Editor's letter: 7/17/19
If you can remember a time before 2 Fast 2 Furious, you’re older than U.S. Immigration and Customs Enforcement (ICE). The agency was created in 2003 under the newly-minted Department of Homeland Security, a year after Justin Timberlake and Britney Spears called it quits, in the post-9/11 hysteria that produced the invasion of Iraq and the USA PATRIOT Act.
Last weekend, agents representing an institution as old as the kids from Stranger Things were predicted to target more than 2,000 migrant families through a series of nationwide raids at the direction of the Trump administration. “They’re going to take people out,” the former game show host threatened from the Rose Garden.
While the promised mass round-ups have yet to materialize (for the second time in weeks) reports across the country show communities chilled with fear and driven into darkness. A teenager in New Jersey huddled with her parents in the Sunday morning dark as ICE agents surrounded their home. Vibrant neighborhoods in Houston and Los Angeles, normally filled with the bustle of vendors, the sounds of musicians and the laughter of children, fell deadly silent under the threat of armed abduction.
“I want people to get a sense of how this is affecting those who aren’t getting picked up,” sociologist Dani Rosales told The Tulsa Voice. “I want people to understand the families who are shutting themselves up in their homes because they are afraid to leave.” You’ll find Jessica Vazquez’s conversation with Rosales, along with local advocates Rosa Hernandez and Jorge Roman-Romero—ahead of their panel discussion on immigration and human rights happening at the Woody Guthrie Center later this month -- in this issue.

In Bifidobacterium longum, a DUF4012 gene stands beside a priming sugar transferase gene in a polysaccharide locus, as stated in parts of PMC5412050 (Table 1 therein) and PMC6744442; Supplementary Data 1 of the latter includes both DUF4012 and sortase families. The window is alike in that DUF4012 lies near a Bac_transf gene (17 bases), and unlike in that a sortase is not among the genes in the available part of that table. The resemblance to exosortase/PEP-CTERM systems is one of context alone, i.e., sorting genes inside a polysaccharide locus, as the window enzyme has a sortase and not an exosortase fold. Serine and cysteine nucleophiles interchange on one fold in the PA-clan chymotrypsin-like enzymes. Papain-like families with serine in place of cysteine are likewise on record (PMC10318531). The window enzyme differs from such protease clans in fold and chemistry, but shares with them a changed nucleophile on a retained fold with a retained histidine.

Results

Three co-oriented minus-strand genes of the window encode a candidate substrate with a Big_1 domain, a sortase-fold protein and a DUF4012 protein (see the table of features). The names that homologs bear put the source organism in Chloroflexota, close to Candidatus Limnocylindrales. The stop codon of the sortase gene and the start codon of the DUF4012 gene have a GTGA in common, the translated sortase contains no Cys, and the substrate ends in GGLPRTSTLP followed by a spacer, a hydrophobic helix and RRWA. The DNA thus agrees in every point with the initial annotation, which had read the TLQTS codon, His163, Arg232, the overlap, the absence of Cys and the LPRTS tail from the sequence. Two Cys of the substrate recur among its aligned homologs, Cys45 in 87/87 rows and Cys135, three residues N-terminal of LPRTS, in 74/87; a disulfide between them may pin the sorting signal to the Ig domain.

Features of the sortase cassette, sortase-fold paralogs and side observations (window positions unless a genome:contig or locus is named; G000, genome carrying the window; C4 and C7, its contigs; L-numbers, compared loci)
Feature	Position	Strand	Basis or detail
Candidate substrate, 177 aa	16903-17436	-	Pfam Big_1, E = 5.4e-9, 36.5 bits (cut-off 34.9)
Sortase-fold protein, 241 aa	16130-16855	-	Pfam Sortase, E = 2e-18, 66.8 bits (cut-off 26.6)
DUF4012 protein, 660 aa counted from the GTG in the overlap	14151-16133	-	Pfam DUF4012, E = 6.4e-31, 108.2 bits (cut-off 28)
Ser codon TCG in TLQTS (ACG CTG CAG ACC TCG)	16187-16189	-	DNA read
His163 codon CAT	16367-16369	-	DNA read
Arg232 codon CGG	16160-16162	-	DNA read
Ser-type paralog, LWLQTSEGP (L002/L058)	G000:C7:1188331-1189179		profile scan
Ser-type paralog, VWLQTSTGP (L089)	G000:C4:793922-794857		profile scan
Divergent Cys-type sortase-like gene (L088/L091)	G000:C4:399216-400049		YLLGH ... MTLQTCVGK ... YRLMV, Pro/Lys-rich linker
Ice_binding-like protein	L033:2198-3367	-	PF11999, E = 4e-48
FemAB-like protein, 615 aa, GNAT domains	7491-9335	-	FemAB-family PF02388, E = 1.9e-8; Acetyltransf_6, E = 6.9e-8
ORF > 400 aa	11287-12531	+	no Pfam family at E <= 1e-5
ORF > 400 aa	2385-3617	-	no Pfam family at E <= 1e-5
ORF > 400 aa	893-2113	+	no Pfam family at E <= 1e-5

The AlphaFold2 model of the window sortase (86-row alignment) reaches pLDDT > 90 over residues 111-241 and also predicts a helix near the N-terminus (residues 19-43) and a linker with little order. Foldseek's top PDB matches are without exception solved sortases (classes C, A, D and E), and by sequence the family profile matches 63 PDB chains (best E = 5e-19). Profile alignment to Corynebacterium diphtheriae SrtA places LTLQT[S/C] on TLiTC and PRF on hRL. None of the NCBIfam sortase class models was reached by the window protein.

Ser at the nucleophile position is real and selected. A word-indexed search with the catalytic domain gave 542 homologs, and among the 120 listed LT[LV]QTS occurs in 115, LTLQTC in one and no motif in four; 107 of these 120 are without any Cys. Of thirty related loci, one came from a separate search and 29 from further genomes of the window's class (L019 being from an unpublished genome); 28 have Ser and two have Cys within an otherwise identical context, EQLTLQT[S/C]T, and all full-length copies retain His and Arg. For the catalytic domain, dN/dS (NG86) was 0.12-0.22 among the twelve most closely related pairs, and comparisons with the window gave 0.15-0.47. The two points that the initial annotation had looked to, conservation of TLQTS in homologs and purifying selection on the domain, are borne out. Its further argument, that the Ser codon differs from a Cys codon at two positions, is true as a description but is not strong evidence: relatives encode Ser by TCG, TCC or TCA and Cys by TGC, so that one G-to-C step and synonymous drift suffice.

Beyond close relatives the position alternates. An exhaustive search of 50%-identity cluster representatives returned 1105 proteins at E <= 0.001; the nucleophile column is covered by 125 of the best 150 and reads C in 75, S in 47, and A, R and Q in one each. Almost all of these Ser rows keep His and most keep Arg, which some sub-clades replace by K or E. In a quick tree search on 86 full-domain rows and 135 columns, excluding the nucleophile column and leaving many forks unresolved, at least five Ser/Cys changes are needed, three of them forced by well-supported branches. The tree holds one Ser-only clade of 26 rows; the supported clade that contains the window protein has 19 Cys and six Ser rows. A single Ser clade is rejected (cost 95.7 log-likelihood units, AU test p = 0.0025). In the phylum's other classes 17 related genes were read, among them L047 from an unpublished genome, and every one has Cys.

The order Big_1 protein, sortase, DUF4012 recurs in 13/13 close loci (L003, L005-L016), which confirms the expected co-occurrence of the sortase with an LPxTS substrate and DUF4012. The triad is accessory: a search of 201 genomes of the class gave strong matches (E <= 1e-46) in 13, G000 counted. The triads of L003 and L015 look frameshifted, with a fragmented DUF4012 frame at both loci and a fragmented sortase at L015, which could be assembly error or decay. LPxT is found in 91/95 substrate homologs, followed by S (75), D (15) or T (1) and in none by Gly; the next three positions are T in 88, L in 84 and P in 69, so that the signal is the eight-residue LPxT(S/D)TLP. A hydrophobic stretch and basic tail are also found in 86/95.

“Immigration is no longer just a story,” Boulder Weekly editor Joel Dyer told a room full of journalists last week at the 2019 Association of Alternative Newsmedia Conference in Colorado. It is instead, he argued, the story of this century—the metric by which we’ll be measured by future generations. When asked how we met this dark beat of history, what will we say?
The question was ringing in my head all weekend as I scrolled past images of the vice president standing stiff-lipped across a cage stuffed with hundreds of human beings at a border camp in McAllen, Texas. In the video, men plead with the camera, desperate to tell the world about the squalid conditions of their detention.
“We learn to think of history as something that has already happened, to other people,” Masha Gessen wrote last week in The New Yorker. As a mass deportation strike force and inhumane border camps become a more regular part of our public life, it’s impossible to ignore the fact that history is happening now, here, to us.